Total is considering sending its own teams into the exclusion zones around the Elgin platform despite fears it could explode.
The company said to get a better understanding of the leak and how to stop it, workers would have to be deployed closer to the installation.
Last night, union bosses raised concerns about anyone venturing into the restricted area around the field.
Willie Wallace, Unite regional officer for offshore workers, said: “The thing I would be concerned about is Total putting anyone on a boat near the platform while there was any chance of an explosion.
“No one should be able to break the exclusion zone if Total is not 100% sure there is absolutely no chance of putting men’s lives at risk.”
Boats are not allowed within a two-mile radius of the platform and a three-mile no-fly zone has also been declared.
Coastguards said last night that the restrictions would remain in place for as long as necessary.
David Hainsworth, health, safety and environment manager at Total, said: “We are looking at what possible measures we can take to improve surveillance.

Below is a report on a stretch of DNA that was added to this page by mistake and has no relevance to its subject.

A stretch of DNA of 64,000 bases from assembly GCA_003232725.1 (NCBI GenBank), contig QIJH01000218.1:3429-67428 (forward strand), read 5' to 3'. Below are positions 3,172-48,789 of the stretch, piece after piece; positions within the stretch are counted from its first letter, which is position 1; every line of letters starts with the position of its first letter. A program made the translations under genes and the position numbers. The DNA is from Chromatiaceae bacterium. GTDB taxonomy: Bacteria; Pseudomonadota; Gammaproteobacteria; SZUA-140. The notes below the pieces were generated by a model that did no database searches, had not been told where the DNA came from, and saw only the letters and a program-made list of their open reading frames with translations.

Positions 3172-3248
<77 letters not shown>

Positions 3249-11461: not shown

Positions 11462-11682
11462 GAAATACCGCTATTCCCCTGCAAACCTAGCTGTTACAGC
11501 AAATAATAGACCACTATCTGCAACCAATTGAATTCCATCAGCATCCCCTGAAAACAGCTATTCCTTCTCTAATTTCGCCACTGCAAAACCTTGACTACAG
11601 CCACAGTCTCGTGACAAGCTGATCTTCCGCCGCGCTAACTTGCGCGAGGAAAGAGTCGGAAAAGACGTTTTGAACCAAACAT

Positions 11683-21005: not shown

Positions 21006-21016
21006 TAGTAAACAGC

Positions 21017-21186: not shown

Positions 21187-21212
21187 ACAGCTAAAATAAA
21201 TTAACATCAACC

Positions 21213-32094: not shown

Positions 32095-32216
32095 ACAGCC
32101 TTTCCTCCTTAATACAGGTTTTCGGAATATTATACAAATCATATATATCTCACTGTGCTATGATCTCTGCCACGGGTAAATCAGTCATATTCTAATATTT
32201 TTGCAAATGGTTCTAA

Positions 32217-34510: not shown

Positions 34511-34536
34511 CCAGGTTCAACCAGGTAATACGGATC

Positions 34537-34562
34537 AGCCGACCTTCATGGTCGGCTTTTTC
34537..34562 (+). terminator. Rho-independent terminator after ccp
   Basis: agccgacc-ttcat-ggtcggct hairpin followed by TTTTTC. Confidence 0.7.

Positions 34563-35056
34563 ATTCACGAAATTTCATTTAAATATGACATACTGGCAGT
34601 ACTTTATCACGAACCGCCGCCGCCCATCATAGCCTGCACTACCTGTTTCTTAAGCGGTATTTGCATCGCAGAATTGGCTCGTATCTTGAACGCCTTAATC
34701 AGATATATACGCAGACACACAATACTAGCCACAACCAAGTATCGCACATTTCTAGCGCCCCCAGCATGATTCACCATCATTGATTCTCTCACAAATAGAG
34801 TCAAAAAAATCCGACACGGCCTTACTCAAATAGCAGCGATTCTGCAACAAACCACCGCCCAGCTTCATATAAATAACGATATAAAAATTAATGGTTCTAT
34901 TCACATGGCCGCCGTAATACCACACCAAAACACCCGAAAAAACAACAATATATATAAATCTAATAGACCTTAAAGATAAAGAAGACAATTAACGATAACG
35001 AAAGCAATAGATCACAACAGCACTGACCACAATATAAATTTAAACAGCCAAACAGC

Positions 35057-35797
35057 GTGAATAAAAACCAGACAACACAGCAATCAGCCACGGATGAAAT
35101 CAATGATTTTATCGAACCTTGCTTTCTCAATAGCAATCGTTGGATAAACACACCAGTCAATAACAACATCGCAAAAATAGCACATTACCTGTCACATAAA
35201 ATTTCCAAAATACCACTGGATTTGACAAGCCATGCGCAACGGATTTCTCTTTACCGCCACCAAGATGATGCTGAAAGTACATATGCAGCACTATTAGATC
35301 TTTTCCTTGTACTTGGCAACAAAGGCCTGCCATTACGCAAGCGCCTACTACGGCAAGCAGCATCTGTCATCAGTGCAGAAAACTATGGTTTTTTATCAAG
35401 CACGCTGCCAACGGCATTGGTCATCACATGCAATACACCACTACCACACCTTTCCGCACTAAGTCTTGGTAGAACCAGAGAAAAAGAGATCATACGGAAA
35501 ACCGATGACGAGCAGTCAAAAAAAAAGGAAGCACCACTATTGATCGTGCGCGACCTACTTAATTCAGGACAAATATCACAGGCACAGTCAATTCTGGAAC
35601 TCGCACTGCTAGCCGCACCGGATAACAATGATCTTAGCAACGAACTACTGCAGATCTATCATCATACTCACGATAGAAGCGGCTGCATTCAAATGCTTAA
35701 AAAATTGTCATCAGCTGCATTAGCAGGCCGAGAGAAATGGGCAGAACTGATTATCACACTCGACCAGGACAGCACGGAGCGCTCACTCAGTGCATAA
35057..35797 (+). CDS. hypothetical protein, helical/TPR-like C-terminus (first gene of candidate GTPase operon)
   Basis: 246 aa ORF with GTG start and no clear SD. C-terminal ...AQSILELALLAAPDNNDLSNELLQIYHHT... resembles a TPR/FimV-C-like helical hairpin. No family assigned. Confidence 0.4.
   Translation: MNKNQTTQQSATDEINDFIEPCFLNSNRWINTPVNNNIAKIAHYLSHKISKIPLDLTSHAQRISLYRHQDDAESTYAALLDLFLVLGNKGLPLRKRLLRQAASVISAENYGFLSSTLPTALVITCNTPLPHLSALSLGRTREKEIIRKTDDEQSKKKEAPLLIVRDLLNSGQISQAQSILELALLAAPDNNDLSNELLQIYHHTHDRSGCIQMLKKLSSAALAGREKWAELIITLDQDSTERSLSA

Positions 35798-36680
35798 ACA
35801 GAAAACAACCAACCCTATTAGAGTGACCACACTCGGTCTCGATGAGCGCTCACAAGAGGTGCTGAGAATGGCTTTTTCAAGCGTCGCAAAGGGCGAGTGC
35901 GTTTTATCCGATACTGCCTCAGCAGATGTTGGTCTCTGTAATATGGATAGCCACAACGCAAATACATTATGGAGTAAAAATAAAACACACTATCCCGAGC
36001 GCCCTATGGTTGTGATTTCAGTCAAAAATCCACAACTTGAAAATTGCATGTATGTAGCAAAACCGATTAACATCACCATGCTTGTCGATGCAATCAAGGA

“At the moment we are keeping out of the exclusion zones but we are getting prepared to see if we can find a way to safely get our engineers on a boat closer to the platform.”
Mr Hainsworth said there was still a steady flow of gas from the G4 well, and two more firefighting vessels had been to the scene to join the pair dispatched on Tuesday.
Total said a visible gas cloud had formed around the rig and was travelling in an easterly direction.
The company also confirmed a sheen of gas condensate remained unchanged on the surface of the water and a flare continued to burn on the platform.
A spokeswoman for Aberdeen Coastguard said last night that it was “vital” the restrictions put in place around the platform were adhered to.
She added: “We still do not know the full extent of the leak.
“There are a number of reasons boats have been stopped from coming within two miles of the platform.
“There is a flare still burning at the moment and the presence of any vessel there could be the cause of ignition as it only takes a small spark of metal.”
It is understood seawater samples taken from just outside the exclusion zone have been laboratory tested and showed no traces of gas.